bipartisan. in 2013 when i was in the minority, i worked with our republican chairman at the time, to introduce a foia reform bill. as you may recall, you know i'm a bipartisan guy because talk about freedom of speech, the congressman cut my mike off. but i didn't let that stop me. we still did foia. you understand sometimes we will have hiccups in our lives but you got to move on because we must keep our eye on the prize. and i always remind myself that it's bigger than me. it's bigger than this moment.
and so it took us three years of hard work, with the help of many of you and i thank you from the depths of my heart. and then with the help of senator cornyn, patrick leahy, and others, we got it over the finish line. you need to give yourselves a hand for that one. [ applause ] >> president obama signed it into law in 2016. the foia improvement act is a prime example of how congress can work together. keep our noses to the grindstone and achieve positive results for all of the american people. now, that i'm chairman, i'm going to hold one of the
committee's first hearings of this congress on foia. it will be on wednesday. hello? and you are all invited. we will hear testimony from the department of justice, the department of the interior, and the environmental protection agency. i invited the department of justice because it is responsible for ensuring that federal agencies are complying with foia. in my opinion, they need to do a much, much, much, much better job because we are seeing far too much information being delayed and even withheld. i invited the department of the interior because they just proposed a rule that would make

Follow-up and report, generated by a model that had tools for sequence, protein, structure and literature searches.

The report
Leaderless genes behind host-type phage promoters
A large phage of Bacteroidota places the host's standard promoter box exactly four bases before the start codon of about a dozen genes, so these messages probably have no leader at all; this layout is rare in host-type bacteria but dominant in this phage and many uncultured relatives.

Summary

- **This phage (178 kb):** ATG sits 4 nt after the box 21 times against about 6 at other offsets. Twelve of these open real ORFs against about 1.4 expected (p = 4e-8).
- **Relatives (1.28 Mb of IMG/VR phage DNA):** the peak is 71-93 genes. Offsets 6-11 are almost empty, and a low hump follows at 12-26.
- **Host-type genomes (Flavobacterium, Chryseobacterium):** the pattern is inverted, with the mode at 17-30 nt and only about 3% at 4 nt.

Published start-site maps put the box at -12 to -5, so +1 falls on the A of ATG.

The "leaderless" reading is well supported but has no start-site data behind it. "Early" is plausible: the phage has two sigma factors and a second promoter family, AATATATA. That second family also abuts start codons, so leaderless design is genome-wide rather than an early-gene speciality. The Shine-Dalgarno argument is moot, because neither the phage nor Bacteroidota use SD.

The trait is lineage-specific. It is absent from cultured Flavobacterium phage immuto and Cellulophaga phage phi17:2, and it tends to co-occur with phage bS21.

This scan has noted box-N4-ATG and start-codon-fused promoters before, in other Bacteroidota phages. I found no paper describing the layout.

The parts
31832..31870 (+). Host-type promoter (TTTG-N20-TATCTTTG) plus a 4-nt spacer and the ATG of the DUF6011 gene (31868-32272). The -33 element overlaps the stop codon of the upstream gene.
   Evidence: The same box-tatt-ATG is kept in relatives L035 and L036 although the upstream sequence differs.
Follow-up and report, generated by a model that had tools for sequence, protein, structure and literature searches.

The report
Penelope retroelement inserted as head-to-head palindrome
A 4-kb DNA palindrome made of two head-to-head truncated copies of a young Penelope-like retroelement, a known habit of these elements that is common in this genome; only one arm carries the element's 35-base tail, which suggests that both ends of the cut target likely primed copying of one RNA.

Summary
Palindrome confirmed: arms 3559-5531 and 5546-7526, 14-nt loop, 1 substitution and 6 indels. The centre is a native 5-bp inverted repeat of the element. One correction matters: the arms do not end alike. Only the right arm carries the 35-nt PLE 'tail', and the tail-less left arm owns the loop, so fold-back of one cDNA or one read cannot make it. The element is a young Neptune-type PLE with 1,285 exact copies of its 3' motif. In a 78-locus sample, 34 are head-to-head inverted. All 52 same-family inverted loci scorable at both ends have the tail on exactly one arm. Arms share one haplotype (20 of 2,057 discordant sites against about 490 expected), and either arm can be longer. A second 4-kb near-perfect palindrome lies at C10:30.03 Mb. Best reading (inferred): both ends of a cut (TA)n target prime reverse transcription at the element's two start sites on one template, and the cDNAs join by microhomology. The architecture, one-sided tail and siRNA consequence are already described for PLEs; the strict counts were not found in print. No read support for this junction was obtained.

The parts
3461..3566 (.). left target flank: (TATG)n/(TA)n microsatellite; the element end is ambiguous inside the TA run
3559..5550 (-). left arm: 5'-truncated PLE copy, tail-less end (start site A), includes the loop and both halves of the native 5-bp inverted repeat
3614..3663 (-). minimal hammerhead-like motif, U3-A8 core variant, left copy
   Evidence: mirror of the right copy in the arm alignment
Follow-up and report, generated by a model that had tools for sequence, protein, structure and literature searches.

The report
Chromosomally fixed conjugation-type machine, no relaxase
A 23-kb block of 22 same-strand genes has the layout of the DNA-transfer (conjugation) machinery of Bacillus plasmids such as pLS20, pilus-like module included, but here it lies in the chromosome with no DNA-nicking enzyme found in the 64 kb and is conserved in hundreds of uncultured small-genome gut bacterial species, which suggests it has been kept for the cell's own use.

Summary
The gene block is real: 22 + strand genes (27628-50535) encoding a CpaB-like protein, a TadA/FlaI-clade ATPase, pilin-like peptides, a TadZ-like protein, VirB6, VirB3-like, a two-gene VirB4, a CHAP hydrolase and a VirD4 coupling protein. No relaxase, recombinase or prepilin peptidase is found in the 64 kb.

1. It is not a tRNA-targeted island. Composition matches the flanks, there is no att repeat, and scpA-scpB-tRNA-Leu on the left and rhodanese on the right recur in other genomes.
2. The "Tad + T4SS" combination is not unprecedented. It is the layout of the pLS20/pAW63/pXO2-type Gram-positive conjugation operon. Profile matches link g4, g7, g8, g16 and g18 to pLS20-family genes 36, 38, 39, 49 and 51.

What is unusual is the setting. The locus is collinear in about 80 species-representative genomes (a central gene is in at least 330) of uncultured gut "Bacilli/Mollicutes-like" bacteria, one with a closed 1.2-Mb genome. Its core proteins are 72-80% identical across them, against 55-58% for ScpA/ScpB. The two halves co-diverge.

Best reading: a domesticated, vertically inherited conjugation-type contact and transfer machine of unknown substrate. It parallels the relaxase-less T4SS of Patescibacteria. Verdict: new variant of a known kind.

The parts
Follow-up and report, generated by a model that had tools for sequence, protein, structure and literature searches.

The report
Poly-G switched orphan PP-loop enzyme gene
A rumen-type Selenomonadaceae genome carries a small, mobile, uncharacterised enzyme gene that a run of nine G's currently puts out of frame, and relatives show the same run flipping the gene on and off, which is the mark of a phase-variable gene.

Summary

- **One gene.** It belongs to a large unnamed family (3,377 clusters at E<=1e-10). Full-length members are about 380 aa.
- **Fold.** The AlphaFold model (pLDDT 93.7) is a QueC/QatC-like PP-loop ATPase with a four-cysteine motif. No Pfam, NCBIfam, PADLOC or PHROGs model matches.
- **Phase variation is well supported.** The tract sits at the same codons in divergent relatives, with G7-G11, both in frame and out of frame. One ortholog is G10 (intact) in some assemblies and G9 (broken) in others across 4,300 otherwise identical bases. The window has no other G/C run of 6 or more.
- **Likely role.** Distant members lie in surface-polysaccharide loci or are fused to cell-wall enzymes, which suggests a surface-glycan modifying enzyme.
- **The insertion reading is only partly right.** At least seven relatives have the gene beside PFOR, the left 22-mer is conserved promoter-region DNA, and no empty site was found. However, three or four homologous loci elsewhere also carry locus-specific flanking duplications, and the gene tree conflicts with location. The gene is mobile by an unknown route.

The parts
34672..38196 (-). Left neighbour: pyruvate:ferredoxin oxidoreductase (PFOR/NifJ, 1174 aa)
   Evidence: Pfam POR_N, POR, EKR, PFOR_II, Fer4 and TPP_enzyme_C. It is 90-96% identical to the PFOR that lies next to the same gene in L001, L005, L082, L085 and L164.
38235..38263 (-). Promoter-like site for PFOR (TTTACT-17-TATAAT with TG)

it harder for requesters to obtain information under foia. in fact, last week, i sent a letter to the department raising concerns about their proposed rule and i was heartened to be joined by senators leahy, senator grassley, and senator cornyn. and i want to thank them for being so supportive. as you notice, it's bipartisan. i invited epa because our committee conducted an investigation last year of former administer scott pruitt. and of course the senior staff. and we uncovered troubling issues with the way epa was responding to foi yea. the administer's chief of staff told us that they refer, quote,
politically charged, unquote, foia requests to political appointees for review. did you hear that? that's deep. deep six. it's deep. so he also said that certain requests are deliberately, deliberately delayed. this is exactly why congress needs to conduct robust oversight to shine the light on these types of abuses. finally, since next week is sunshine week, that is the week when we focus on bringing greater transparency to government operations. i'm bringing the commerce secretary wilbur ross. that's going to be interesting.